Just as a sort of détente is in sight — maybe — the family is shattered again, courtesy, at least in part, of Koji Yakusho, a Kurosawa stalwart, whose character’s failed robbery of the Sasaki house leads to a hostage situation and one of the more peculiar “they made me a criminal” monologues in recent memory. But citing these plots points is, finally, rather beside the point, the point being the spell Kurosawa (aided mightily by cinematographer Akiko Ashizawa) casts, putting the viewer in a world that’s recognizable but not quite our own, and illuminating the one that is in the process.

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The Best Of The Last

Portlandia Goes Out With A Bang

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The end is near. In mere days Portlandia wraps up its final season, and oh what a season it’s been. Lucky for you, you can watch the entire season right now right here and on the IFC app, including this free episode courtesy of Subaru.

But now, let’s take a moment to look back at some of the new classics Fred and Carrie have so thoughtfully bestowed upon us. (We’ll be looking back through tear-blurred eyes, but you do you.)

Couples Dinner

It’s not that being single sucks, it’s that you suck if you’re single.

Cancel it!

A sketch for anyone who has cancelled more appointments than they’ve kept. Which is everyone.

Forgotten America

This one’s a “Serial” killer…everything both right and wrong about true crime podcasts.

Wedding Planners

The only bad wedding is a boring wedding.

Disaster Hut

It’s only the end of the world if your doomsday kit doesn’t include rosé.

Catch up on Portlandia’s final episodes on demand and at IFC.com

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Your Portlandia Personality Test

The New Portlandia Webseries Is Going Your Way

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Carrie and Fred understand that although we have so much in common, we’re each so beautifully unique and different. To help us navigate those differences, Portlandia has found an easy and honest way to embrace our special selves in the form of a progressive new traffic system: a specific lane for every kind of driver. It’s all in honor of the show’s 8th and final season, and it’s all presented by Subaru.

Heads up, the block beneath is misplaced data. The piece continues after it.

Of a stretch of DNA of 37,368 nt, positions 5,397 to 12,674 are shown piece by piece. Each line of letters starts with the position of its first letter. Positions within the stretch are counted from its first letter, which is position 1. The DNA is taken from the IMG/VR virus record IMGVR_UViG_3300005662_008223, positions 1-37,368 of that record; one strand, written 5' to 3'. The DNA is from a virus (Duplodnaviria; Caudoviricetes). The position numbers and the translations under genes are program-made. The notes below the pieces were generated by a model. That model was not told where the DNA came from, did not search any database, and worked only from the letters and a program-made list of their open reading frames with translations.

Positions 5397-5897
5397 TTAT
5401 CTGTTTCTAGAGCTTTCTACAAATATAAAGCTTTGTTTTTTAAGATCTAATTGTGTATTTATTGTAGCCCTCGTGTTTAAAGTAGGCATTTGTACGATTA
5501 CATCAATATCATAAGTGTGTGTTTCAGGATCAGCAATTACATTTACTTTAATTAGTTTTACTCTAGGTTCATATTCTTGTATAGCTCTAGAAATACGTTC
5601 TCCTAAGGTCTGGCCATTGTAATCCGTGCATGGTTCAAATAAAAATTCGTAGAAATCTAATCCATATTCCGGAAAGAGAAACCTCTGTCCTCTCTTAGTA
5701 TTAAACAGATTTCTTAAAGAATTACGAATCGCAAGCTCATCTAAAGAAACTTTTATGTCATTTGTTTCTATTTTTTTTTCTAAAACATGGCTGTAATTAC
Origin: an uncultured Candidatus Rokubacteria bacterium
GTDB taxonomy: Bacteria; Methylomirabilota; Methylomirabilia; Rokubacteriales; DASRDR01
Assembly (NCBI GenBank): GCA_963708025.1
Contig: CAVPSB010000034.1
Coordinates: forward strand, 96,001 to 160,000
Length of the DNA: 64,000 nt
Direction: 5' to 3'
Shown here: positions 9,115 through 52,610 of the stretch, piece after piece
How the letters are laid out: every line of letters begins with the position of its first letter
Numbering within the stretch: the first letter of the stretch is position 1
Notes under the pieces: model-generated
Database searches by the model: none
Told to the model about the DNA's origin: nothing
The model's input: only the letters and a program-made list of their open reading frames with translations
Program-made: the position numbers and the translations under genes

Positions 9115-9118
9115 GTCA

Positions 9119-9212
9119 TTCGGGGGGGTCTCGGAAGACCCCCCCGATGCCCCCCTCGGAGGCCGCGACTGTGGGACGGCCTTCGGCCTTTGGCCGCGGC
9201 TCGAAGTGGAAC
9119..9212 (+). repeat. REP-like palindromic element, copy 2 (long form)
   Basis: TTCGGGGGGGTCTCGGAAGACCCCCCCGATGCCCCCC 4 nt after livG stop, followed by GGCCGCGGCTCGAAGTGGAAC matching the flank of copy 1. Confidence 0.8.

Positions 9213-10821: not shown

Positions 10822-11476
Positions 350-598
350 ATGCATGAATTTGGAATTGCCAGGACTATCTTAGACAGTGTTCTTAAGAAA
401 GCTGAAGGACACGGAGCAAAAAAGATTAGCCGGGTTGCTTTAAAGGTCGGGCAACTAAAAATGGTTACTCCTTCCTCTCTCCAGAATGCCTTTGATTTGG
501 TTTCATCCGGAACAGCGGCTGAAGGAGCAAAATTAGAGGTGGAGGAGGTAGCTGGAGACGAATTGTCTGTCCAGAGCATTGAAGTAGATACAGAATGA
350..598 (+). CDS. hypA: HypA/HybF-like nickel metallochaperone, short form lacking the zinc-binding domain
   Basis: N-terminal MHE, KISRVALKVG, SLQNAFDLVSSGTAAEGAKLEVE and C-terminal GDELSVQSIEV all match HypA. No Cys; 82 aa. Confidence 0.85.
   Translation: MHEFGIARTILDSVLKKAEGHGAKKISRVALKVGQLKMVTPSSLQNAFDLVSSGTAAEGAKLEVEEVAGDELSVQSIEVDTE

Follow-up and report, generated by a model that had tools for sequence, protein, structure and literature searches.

Ready to find out who you really are? Match your personality to a lane and hop on the expressway to self-understanding.

Lane 10: Trucks Piled With Junk

Your junk is falling out of your trunk. Shake a tail light, people — this lane is for you.

Lane 33: Twins

You’re like a Gemini, but waaaay more pedestrian. Maybe you and a friend just wear the same outfits a lot. Who cares, it’s just twinning enough to make you feel special.

Lane 27: Broken Windows

Bad luck follows you around and everyone knows it. Your proverbial seat is always damp from proverbial rain. Is this the universe telling you to swallow your pride? Yes.

Lane 69: Filthy Cars

You’re all about convenience. Getting your car washed while you drive is a no-brainer.

Lane 43: Newly Divorced Singles

It’s been a while since you’ve driven alone, and you don’t know the rules of the road anymore. What’s too fast? What’s too slow? Are you sending the right signals? Don’t worry, the breakdown lane is nearby if you need it.

Still can’t find a lane to match your personality? Check out all the videos here. And see the final season of Portlandia this spring on IFC.

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Last-Minute Holiday Gift Guide

Hits from the '80s are on repeat all Christmas Eve and Day on IFC.

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GIFs via Giphy, Photos via The Everett Collection

It’s the final countdown to Christmas and thanks to IFC’s movie marathon all Christmas Eve and Christmas Day, you can revel in classic ’80s films AND find inspiration for your last-minute gifts. Here are our recommendations, if you need a head start:

Musical Instrument

Great analog entertainment substitute when you refuse to give your kid the Nintendo Switch they’ve been drooling over.

Breakfast In Bed

Any significant other or child would appreciate these Uncle Buck-approved flapjacks. Just make sure you’re not stuck on clean up duty.

Cocktail Supplies

You’ll need them to get through the holidays.

Dance Lessons

So you can learn to shake-shake-shake (unless you know ghosts willing to lend a hand).

Comfy Clothes

With all the holiday meals, there may be some…embigenning.



Get even more great inspiration all Christmas Eve and Day on IFC, and remember…